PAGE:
GRAND RAPIDS, Mich. (WOOD) — Mitch Robinson is a Michigan State University associate professor of music education, a member of the State Board of Education, and father of an MSU student.

Monday night, Robinson’s son was in the MSU Union when a student was shot and killed.

“They heard a noise and thought someone in the kitchen had dropped a tray. They didn’t think much of it. And then they heard two more in quick succession, and they realized something was wrong,” said Robinson of his son’s experience.

Robinson’s son and his friends dropped to the ground and crawled to the back door and to safety.

“He’s a 6’3″ strapping, tall, healthy-as-an-ox, 19-year-old and (I’m) getting a text message from him on Monday … ‘Dad I’m so scared.’ There’s no way to prepare for that … The thing he said to us that I can’t stop thinking about was that he felt, and all of them felt, prepared for this to happen. Because since kindergarten, they’ve been doing active shooter training.”

Although thankful his son and friends knew what to do, Robinson worries about the trauma active shooter training is having on society.

“I don’t know that we have figured out how much trauma and psychological damage we’ve done to a generation or more of kids, as young as 5 and 6 years old, by putting them through these active shooter drills.”

As a professor of music education, Robinson has former students now teaching in the Oxford Community School District.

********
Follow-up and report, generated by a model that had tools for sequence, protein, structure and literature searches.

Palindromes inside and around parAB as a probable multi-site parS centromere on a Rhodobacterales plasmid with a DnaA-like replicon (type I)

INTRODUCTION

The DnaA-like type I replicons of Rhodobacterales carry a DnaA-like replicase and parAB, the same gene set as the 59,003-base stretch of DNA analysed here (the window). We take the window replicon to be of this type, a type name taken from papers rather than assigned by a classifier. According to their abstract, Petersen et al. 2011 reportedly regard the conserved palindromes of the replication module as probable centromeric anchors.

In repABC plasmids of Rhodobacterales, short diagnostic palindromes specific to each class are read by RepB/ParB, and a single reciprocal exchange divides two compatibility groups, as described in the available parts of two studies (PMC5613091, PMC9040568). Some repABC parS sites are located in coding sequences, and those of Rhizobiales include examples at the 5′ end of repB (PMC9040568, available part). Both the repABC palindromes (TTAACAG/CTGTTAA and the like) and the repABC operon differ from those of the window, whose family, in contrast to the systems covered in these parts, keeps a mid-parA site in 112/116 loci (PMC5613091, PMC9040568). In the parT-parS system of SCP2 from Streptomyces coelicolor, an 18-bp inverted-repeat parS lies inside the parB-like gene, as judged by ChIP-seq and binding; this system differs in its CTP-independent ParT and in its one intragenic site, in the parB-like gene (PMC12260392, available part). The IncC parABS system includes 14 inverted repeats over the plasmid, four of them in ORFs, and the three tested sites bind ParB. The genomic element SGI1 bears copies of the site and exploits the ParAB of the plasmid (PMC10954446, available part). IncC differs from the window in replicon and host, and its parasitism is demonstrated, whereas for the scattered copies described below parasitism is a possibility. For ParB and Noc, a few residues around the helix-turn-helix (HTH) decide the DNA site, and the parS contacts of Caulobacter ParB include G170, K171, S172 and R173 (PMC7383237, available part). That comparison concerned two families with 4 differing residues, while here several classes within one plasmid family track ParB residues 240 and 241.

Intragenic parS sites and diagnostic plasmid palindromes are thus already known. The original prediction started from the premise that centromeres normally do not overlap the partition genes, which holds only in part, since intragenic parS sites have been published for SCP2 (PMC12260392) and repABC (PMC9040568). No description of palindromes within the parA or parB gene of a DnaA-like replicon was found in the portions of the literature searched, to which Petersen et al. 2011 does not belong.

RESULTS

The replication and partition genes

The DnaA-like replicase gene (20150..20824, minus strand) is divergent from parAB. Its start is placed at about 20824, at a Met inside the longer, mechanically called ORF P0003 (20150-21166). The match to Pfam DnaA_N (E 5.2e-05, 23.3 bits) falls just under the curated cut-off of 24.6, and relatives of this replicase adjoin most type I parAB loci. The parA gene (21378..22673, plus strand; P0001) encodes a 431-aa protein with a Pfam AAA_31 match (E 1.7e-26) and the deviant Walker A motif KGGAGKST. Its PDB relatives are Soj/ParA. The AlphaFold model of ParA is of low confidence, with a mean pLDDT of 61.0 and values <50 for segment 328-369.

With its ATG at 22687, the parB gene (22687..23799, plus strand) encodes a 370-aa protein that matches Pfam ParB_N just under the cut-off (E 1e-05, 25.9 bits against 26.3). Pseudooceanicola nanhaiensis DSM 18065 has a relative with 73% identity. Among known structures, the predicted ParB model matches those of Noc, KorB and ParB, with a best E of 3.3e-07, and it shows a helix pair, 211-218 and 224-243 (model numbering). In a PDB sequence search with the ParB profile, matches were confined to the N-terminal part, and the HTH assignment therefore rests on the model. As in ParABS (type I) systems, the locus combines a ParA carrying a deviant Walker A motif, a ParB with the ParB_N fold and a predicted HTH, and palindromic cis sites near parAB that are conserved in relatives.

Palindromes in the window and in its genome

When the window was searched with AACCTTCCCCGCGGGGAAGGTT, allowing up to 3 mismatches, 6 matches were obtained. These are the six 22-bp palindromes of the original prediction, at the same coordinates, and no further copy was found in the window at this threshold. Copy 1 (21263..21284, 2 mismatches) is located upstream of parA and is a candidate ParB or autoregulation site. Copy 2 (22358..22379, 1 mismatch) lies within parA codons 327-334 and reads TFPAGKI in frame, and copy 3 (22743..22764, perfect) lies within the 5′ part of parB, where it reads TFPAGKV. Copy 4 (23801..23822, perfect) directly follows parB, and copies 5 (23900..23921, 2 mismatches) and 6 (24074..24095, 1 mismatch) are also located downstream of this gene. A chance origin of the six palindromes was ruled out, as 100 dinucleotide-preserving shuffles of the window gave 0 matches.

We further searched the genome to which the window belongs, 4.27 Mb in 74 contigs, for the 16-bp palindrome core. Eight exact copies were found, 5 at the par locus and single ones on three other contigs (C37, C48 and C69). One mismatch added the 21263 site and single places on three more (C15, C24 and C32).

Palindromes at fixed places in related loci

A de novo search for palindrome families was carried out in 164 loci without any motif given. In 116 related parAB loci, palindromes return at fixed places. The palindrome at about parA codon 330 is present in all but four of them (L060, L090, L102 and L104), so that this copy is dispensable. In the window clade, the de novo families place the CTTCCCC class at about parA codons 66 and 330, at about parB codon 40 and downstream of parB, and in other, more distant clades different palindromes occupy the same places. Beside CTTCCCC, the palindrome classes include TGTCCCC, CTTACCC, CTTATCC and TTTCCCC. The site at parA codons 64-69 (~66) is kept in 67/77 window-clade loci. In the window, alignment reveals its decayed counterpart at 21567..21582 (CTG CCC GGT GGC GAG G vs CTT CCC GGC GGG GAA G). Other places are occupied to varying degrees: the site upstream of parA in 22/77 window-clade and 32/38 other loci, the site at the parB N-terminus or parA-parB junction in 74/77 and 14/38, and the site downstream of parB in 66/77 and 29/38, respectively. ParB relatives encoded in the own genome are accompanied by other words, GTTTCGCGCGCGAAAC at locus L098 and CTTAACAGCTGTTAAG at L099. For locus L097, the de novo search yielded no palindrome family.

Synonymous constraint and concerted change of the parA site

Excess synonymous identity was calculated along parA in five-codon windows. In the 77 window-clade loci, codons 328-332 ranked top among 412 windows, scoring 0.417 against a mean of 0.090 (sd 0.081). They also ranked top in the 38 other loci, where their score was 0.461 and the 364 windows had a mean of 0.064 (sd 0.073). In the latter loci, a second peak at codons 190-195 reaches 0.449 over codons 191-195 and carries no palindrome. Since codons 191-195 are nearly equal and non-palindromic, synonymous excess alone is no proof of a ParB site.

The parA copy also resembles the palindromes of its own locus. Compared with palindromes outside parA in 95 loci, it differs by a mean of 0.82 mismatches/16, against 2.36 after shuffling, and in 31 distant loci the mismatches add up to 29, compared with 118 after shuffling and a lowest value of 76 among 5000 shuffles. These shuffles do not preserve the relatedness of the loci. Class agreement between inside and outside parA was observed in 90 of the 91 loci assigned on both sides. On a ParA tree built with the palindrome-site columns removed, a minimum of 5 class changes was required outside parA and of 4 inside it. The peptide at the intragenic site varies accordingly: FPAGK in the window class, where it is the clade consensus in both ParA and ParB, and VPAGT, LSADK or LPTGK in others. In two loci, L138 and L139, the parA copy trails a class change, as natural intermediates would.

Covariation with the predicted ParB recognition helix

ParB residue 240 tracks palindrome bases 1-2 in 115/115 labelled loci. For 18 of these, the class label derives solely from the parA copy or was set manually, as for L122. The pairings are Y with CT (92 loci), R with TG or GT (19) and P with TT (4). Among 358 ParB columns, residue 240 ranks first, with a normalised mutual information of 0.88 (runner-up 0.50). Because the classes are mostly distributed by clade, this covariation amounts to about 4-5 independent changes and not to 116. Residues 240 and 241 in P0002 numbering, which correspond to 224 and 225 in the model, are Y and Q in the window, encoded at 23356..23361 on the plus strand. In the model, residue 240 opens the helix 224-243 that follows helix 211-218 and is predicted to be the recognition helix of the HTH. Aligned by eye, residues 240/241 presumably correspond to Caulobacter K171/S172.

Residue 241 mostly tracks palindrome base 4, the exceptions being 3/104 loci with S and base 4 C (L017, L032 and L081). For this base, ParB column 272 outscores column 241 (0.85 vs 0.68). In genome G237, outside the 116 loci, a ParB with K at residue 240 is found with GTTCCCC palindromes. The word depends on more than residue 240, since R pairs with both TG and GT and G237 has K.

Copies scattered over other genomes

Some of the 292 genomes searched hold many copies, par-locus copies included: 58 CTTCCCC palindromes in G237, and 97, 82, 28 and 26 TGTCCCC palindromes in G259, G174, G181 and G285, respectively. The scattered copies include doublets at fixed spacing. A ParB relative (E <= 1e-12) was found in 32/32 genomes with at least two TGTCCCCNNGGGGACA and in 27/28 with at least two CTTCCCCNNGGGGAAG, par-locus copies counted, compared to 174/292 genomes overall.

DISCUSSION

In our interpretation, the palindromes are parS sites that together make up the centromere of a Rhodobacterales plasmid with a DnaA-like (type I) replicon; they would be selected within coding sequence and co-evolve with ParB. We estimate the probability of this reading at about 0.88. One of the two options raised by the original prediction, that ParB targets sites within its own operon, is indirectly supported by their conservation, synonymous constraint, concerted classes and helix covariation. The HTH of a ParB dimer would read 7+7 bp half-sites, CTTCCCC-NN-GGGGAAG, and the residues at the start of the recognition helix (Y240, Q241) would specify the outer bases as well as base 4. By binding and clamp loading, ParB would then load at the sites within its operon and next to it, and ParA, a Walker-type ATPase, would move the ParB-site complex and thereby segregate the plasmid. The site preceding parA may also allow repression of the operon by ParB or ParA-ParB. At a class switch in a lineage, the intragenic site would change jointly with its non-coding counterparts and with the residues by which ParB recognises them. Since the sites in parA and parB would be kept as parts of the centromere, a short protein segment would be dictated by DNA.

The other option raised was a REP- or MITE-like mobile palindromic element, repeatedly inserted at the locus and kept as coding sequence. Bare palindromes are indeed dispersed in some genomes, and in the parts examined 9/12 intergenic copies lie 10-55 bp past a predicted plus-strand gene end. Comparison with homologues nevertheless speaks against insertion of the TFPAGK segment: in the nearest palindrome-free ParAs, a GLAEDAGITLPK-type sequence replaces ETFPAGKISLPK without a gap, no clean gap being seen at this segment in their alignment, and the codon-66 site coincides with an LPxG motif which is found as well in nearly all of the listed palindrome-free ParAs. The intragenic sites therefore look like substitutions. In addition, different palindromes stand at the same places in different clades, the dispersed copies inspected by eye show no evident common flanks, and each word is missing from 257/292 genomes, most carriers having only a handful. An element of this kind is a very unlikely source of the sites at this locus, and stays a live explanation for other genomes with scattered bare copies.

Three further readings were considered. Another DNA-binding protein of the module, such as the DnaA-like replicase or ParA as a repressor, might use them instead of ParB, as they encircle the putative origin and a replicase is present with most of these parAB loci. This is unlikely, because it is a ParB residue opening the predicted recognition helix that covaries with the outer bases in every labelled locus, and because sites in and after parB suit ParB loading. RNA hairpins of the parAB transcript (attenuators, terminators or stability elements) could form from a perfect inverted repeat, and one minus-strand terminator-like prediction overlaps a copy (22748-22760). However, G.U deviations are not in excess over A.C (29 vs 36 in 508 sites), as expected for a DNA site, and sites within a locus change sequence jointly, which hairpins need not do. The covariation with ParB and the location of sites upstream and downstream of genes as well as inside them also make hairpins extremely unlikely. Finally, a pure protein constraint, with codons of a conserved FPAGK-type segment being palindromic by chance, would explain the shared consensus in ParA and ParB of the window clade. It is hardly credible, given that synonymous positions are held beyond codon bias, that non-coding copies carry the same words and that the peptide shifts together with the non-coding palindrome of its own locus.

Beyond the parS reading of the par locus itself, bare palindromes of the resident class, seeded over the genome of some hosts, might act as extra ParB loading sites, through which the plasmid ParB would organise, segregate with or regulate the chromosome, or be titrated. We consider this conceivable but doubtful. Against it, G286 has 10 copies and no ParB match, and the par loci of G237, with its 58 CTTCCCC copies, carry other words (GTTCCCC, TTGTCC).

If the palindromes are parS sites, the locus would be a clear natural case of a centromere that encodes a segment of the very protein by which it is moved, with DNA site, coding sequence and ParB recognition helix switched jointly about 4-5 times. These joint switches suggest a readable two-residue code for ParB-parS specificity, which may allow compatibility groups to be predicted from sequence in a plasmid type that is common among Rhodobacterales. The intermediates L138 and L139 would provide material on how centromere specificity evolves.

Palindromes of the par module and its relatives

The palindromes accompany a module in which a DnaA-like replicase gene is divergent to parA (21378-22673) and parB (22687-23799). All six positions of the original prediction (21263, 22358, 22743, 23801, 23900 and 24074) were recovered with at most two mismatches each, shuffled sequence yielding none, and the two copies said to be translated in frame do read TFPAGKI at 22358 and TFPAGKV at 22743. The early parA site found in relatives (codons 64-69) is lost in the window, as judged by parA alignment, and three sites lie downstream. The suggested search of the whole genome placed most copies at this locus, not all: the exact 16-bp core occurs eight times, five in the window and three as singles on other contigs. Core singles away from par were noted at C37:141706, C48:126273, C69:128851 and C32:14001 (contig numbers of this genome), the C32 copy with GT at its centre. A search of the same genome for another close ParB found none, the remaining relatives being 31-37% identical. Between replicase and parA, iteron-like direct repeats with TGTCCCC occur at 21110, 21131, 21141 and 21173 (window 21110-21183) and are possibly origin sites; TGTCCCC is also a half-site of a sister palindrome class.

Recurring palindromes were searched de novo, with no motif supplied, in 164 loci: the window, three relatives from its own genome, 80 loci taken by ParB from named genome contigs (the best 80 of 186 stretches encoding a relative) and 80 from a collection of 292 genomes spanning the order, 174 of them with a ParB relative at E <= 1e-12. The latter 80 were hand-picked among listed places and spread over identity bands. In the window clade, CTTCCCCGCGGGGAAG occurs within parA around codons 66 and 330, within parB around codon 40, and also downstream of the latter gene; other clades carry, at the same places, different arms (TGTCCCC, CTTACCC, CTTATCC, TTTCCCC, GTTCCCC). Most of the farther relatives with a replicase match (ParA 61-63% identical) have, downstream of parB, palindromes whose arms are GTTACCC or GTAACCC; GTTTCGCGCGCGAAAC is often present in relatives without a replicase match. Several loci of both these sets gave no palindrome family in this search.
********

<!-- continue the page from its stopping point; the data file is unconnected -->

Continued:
He said he’s been in close contact with those former students over the last year. Although what they endured can’t be taught in a classroom, Robinson said they’ve been able to work together to get through the tragedy in November 2021 that left four students dead.

Music is a powerful tool in bringing community together for support and healing after tragic events, Robinson said. Like a chorus, band or orchestra, each member plays a part to make the whole better.

“I think music is kind of a social glue. It brings people together. I don’t think there’s any mistake there that the school anthem, MSU Shadows, has been played or sung dozens of more times in the past three days. It’s a way for us to build community. It’s a way for us to connect to each other,” he said.

Robinson is also an education policy researcher. He is not in favor of hardening schools. He believes the solution is a society that’s safer, healthier, and more welcoming.

“I don’t think any of us as parents want to send our kids every day to miniature prisons. That’s not what we want. We want schools to be safe and healthy and exciting, vibrant places for kids to move around learn in the ways they learn best.”

Monday, Robinson and his colleagues will be ready to welcome MSU students back to the classroom.

“Our challenge is going to be to help each student in the way they need to be helped. For some that may be a hug at the door, for others that may be just a subtle nod and a smile,” said Robinson. “I don’t know yet, I’m going to follow my students’ cues. But I’m going to be there, and I know my colleagues will on Monday morning ready for what our kids need to get back into the safety that they expect.”